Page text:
“Because these things have not yet come to pass, it is critical to keep up the pressure until the war is really ended. As much as we might welcome positive messaging – no doubt a result of the pressure exerted by dogged organizers – we must not rest until we have won actual material relief. …

“The Obama-Biden administration made numerous announcements in 2012 and 2013 that it would end the U.S. war in Afghanistan by 2014. But we saw that declarations do not, in themselves, end U.S. aggression. This principle especially applies when declarations are loaded with red-flag-raising qualifiers like ‘offensive operations’ and ‘relevant weapons systems.'”

Nonviolent Resistance to Myanmar Coup

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MICHAEL BEER, michael@nonviolenceinternational.net, @NVIntl
Executive director of Nonviolence International, Beer has been to Myanmar many times and has worked for 30 years supporting the nonviolent campaigns for peace, justice, and democracy in the country. He is in contact with activists there, many of whom are afraid to speak publicly.

He said today: “The people of Myanmar are resisting the military coup d’etat. Government doctors are going on strike. Myanmar citizens responded last night by engaging in a mass nonviolent tactic of caceleroza which involves the banging of pots and pans. Many governments, including South East Asian nations, are protesting. Ethnic minorities in the country are united in opposition. World-wide, citizens are planning to re-launch global boycotts. This coup will not succeed if enough pressure can be brought upon the coup plotters.

“Despite the overwhelming electoral defeat of the military’s political party, the military has copied U.S. former president Trump’s strategy of criticizing the validity of the election and are now trying to overturn the election. This may have been prompted by the military leader’s fear of losing power as a civilian where his vast wealth might be at risk.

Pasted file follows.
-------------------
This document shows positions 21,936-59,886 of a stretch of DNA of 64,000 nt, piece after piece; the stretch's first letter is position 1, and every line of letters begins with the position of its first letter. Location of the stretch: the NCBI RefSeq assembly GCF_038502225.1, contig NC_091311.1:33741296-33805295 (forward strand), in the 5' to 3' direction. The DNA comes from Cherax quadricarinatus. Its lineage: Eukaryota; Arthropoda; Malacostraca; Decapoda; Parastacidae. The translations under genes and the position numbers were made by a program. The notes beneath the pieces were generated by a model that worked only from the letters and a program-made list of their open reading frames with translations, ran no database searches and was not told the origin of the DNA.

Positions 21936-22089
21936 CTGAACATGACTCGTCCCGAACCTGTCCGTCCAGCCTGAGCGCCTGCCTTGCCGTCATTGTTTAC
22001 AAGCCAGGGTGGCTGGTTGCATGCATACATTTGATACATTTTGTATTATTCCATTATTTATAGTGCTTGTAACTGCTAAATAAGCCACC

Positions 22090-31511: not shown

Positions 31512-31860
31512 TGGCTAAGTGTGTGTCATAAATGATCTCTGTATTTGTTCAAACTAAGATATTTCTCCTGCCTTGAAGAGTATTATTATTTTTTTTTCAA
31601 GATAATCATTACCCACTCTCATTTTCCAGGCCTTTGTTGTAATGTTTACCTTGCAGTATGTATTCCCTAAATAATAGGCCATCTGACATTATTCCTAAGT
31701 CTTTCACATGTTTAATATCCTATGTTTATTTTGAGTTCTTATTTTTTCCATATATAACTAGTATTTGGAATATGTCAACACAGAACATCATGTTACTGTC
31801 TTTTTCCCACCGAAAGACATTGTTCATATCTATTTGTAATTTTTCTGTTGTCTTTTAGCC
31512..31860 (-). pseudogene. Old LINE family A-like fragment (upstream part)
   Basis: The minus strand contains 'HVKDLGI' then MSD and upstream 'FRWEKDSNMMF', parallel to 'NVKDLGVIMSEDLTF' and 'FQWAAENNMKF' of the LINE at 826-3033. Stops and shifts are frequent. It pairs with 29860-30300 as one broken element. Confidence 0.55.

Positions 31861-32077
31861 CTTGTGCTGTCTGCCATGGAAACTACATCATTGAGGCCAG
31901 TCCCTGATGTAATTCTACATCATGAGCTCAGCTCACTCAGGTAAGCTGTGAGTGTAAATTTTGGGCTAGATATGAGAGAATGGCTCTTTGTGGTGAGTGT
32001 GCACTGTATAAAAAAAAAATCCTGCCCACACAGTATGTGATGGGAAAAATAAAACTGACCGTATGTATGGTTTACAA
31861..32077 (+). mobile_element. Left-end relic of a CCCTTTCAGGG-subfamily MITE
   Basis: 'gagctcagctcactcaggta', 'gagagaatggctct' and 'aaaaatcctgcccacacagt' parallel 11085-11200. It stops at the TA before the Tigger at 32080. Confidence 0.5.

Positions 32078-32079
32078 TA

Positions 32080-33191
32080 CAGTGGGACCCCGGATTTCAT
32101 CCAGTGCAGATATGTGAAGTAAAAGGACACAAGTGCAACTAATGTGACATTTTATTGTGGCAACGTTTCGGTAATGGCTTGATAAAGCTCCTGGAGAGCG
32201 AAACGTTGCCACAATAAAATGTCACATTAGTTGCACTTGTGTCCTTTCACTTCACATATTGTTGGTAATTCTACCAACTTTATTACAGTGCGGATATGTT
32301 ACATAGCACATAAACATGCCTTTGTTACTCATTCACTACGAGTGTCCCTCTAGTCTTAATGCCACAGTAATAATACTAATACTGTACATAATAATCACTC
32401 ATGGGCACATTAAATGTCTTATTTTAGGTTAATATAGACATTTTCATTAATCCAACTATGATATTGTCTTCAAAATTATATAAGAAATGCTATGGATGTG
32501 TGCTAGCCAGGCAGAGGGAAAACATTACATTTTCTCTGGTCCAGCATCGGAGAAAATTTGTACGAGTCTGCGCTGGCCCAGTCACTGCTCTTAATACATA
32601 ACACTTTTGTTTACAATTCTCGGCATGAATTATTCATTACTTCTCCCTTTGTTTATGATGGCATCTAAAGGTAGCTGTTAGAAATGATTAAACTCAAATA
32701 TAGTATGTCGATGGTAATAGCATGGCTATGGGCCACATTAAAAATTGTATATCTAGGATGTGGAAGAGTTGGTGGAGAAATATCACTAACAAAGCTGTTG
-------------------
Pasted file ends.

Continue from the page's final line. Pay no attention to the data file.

“People around the world are sickened by the coup d’etat in Myanmar by the rapacious Burmese military. Despite having enormous power in the country, they were not satisfied with sharing power with a civilian government but decided to return to their long-standing practice of ruling the country for the benefit of themselves.”

Biden Playing “Trump Card” Against Iran

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GARETH PORTER, porter.gareth50@gmail.com@GarethPorter

Investigative reporter Porter just wrote the piece “Biden Admin’s Coercive Iran Policy Threatens Serious New Regional Crisis” for the Grayzone.

Porter writes:  “A close analysis of recent statements by members of President Joseph Biden’s foreign policy team indicates his administration has already signaled its intention to treat negotiations with Iran as an exercise in diplomatic coercion aimed at forcing major new concessions extending well beyond the 2015 nuclear agreement. The policy could trigger a renewed U.S.-Iran crisis as serious as any provocation engineered by the Trump administration.

“Although the Biden team is claiming that it is ready to bring the United States back into the Joint Comprehensive Plan of Action (JCPOA) if Iran comes into full compliance first, it is actually planning to demand that Iran give up its main source of political leverage. Thus, it will require Iran to cease its uranium enrichment to 20 percent and give up its accumulated stockpile of uranium already enriched to that level before the United States has withdrawn the economic sanctions that are now illegal under the JCPOA deal.

“Meanwhile, the Biden team is planning to hold on to what it apparently sees as its ‘Trump card’ — the Trump administration’s sanctions against Iran oil exports that have gutted the Iranian economy. …

“By piling up onerous demands while offering few concessions of its own, the new administration conveys the clear message that it is in no hurry to return to the JCPOA. Secretary of State of Tony Blinken stated in his confirmation testimony that the Biden administration was ‘a long way’ from returning to the deal and said nothing about reversing any of the sanctions that were introduced or reintroduced by the Trump administration after it quit the agreement.”